Home Owners Associations
Home Owner Associations Set Community Standards
Millions of Americans reside in communities that are managed by Homeowners’ Associations. An HOA may be governed by homeowners that have come together for the mutual benefit of their neighborhoods, or by ruling boards which were put in place by the home builder, and continue to manage the community. The purpose of an HOA is to ensure that a subdivision adheres to a particular set of standards. This type of conformity helps to prevent declining property values and establishes an agreeable residential environment. The values of the community are called the “Covenants, Conditions, and Restrictions”, or CC&Rs, and homeowners in the neighborhood are legally obligated to understand and abide by these rules. Residents pay dues at regular intervals in order to support the HOA and these fees also cover the maintenance of common-use facilities such as swimming pools and spas.
Smart Property Buyers Make Time to Review the Rules
Living in a neighborhood with an HOA is usually positive. Noisy neighbors become annoyances of the past, and common standards are respected, which creates fertile grounds to protect home values. In spite of these advantages, there can be some unwelcome surprises written into a neighborhood’s CC&Rs.
Homebuyers need to be aware of:
- Pet restrictions. An HOA may limit the breed, size and number of pets allowed.
- Rentals. Some HOAs do not allow homeowners to rent out their properties; others place a time frame on home leasing.
- Long-term guests. Not every HOA permits them; some restrict the number of cars that can be seen on or near the property from the street.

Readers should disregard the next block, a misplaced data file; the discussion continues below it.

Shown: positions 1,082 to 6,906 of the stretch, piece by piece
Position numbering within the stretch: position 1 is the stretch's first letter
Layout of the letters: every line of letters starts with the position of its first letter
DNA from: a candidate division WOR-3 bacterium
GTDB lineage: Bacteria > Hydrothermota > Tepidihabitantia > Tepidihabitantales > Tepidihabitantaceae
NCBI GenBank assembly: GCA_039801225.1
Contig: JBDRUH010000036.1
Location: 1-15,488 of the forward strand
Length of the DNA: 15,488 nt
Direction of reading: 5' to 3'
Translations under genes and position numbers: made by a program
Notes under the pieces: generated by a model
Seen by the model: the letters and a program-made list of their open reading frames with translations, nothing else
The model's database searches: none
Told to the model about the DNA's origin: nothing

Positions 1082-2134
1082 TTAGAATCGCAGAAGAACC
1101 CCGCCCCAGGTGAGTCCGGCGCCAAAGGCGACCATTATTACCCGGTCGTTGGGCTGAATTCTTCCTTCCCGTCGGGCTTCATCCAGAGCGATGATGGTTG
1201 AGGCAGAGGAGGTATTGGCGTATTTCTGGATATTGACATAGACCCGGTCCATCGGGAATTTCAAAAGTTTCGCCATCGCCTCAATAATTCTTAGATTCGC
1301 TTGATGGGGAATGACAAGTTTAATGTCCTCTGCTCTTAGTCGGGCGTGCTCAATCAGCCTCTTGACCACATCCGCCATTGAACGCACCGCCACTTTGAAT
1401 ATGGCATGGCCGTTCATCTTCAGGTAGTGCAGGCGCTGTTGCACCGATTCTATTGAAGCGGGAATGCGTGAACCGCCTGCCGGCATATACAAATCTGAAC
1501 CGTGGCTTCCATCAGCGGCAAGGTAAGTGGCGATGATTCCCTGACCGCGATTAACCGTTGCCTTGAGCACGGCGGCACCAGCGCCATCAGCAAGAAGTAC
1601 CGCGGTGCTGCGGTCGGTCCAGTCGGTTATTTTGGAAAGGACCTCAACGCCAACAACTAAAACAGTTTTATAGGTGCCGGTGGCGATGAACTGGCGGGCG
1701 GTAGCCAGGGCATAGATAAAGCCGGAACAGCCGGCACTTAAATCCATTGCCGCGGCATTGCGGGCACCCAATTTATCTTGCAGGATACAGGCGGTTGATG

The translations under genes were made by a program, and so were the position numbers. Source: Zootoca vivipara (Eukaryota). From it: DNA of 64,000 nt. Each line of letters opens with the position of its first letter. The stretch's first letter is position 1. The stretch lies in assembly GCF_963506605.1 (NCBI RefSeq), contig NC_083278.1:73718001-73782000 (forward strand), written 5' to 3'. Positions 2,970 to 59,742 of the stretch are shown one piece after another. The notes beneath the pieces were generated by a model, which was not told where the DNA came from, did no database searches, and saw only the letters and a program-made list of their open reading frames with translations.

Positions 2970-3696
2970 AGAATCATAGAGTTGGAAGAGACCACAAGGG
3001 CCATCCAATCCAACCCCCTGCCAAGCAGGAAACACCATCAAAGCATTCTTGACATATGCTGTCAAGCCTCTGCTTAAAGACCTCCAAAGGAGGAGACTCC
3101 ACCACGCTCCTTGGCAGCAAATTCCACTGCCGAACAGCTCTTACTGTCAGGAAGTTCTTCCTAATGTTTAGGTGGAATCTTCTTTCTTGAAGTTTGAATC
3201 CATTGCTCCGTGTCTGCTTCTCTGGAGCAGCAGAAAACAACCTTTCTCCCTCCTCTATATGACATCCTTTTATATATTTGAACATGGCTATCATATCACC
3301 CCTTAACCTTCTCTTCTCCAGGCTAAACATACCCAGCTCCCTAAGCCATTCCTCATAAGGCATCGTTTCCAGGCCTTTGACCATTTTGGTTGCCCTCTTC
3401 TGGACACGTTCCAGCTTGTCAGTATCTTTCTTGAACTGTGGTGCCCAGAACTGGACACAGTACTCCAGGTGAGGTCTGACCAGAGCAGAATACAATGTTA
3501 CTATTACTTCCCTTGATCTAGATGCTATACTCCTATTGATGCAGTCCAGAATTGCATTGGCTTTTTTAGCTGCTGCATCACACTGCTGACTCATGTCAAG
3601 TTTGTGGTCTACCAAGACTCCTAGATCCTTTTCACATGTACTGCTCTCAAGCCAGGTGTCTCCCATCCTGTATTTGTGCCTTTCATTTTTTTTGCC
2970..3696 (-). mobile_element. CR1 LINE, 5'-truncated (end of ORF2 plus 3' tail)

- Landscaping. This is one of the biggest areas of misunderstanding; read this section carefully.
It is an excellent decision for property buyers to gain a thorough understanding of a neighborhood’s HOA standards. Check with one of our licensed realtors for other issues and concerns that you may have.
Financial Fitness is not just for Homeowners
Last but not least, an HOA has a financial history as well as future plans. Homebuyers who check this out may find that the community is in the middle of an expensive assessment, costly lawsuit, or is about to determine the necessity of remodeling the clubhouse and fitness center. Factoring this information in can often make or break a decision to purchase a property. On the other hand, negative information gives some buyers leverage when negotiating the price of the home. Speak with one of our experienced realtors if you have specific questions about this topic or anything else that’s related to home ownership and HOAs.
In conclusion, most homeowners find that the advantages of living in a community governed by an HOA outweigh the detriments. Never the less, it is wise to be completely familiar with the details of an HOA agreement before committing to abide by it. Finally, adding up the costs of becoming a homeowner includes factoring in monthly HOA dues, existing or potential lawsuits, and plans for any costly, albeit necessary, community improvements.